- End the e-mail with a formal closing: “Cordially”, “Sincerely”, “Warm regards”, etc. and add your name as if you signed a letter.
Part II- How to Study Science
- Read the excerpt chapters (Ch 1, 9-11) from How to Study Science 4th edition by Drewes and Milligan. I have photocopies of the required chapters and questions. You can pick up a copy of your own at Amazon. Answer the questions for each of the chapters (exercises 1, 9, 10 11a-d) on your own piece of paper. Once you complete the Summer Assignment Questionnaire you will receive an invitation to download the HTSS chapters.
Part III- How to Read a Journal Article
- Search the web or library for a current science journal article that interests you. Print the article and answer the questions on the “Reading a Journal Article” worksheet. Be prepared to discuss this article on the first day of class. Some examples of open access journals include the Public Library of Science (www.plos.org) or the Proceedings of the National Academy of Science (www.pnas.org). PLOS is completely open access while PNAS articles are open access if they are 6 months old or older. Another open access journal resource is biomed central (http://www.biomedcentral.com/browse/journals/) with over 199 open access journals. I expect you to read the entire article not just the abstract.
Part IV- A Biological Collection
For this part of your summer assignment, you will be familiarizing yourself with science terms that we will be using at different points throughout the year. You will be “collecting” images throughout the summer by taking digital photographs OR drawing personal sketches. Your collection must include 25 items from the list found on this page.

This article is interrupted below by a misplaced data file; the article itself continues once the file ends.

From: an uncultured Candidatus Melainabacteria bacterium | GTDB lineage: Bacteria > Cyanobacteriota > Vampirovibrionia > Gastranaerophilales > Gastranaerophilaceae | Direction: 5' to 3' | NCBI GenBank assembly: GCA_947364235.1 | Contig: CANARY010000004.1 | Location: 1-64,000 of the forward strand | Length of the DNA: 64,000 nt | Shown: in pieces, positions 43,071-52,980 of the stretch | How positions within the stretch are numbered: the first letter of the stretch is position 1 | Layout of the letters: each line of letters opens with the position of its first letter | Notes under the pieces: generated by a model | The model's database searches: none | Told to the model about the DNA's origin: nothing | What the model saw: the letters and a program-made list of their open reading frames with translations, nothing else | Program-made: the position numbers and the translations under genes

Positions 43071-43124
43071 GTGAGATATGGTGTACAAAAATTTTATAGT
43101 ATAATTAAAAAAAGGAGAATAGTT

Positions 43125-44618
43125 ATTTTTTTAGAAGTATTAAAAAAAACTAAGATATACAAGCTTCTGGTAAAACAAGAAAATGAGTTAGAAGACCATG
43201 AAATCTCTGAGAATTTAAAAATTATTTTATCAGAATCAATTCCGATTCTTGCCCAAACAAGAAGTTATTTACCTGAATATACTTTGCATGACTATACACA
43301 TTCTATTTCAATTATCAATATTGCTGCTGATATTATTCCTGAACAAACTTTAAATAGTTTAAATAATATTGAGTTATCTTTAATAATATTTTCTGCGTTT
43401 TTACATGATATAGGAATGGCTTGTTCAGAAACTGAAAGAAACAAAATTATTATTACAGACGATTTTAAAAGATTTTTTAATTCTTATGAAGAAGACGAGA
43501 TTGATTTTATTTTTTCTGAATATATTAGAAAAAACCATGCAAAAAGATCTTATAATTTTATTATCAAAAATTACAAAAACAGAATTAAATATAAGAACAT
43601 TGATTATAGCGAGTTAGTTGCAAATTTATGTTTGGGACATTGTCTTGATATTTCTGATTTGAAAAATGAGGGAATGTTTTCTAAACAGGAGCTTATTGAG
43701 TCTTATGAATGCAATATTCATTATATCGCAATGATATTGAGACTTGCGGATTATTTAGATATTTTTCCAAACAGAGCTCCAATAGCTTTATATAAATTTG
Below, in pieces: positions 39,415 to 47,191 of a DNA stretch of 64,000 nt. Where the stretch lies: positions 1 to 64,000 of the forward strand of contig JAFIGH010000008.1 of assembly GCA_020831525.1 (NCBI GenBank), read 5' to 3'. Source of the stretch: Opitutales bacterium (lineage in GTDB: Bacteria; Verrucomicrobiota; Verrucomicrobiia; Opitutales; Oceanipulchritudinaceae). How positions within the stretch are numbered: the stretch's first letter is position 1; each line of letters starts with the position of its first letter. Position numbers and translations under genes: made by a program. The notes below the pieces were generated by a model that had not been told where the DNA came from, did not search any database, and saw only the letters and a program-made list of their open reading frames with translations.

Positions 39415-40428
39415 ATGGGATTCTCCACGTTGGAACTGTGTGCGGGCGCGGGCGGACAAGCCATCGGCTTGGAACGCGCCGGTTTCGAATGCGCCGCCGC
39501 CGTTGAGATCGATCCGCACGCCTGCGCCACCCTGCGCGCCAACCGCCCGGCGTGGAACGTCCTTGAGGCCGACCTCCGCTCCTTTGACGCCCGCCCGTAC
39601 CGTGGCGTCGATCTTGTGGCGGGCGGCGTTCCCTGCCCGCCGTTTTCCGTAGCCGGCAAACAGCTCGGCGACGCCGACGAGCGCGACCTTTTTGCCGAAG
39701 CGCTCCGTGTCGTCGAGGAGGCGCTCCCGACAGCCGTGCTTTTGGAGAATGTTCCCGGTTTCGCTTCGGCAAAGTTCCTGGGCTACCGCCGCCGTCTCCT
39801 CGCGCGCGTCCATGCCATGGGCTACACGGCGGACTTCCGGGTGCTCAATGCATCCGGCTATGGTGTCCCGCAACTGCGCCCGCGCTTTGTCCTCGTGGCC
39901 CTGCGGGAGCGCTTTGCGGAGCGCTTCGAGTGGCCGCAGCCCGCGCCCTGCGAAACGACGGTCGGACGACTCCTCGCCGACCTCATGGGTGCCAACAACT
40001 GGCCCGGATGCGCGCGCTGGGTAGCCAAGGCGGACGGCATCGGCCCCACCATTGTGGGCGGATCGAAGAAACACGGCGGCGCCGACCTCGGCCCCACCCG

Guidelines for Collections
- You are required to collect a total of 25 items from the list. You will collect each item by finding it and taking a photograph or creating a personal drawing of that item. You are required to include a description that includes the following:
- What the specimen is
- Where you found it
- How it relates to the biological term you chose
- What the term means (either a definition or proper us in a sentence)
- Keeping your collection: You will house your collection as a virtual online museum or gallery. Post your collection as a Blog on a website. There are many free blogging/ websites sites out there; listed below are just a few I know about. If you are unfamiliar with how create a blog or gallery you can find in depth how to guides for all of these sites online, just do a quick Google search.
- Be Creative! You do not necessarily need to be literal in your collection. That being said your item should be a good representative of the term you chose.
- Original artwork or photography only! You cannot use an image from any publication or the Web. You must have taken the photograph or drawn the sketch yourself. The best way to prove that is to place an item in all of your photographs that only you could have added each time, something that you might usually have on you like a pen or a coin or a key or your phone, etc. Also your photographs should be of good quality and your sketches should be detailed and at least 4x6 inches in size. You will receive a zero if you copy your images from the web.
- NATURAL ITEMS ONLY! All organisms must be from something that you have found in nature. Take a walk around your yard, neighborhood, and town. DON’T SPEND ANY MONEY! Research what the term means and in what organisms it can be found... and then go out and find one. Each organism may be used only once. You need a different organism for each term.
It may be helpful to purchase an AP Biology Study guide. You can pick them up from Barnes and Noble, Amazon, or Borders. You also may want to buy your own copy of the textbook: Campbell, Neil A., and Jane B. Reece. Biology. San Francisco: Pearson, Benjamin Cummings, 2005. They can be found for around $15-20 on Amazon. A copy will be checked out to you the first day of class.
Back to AP Biology index page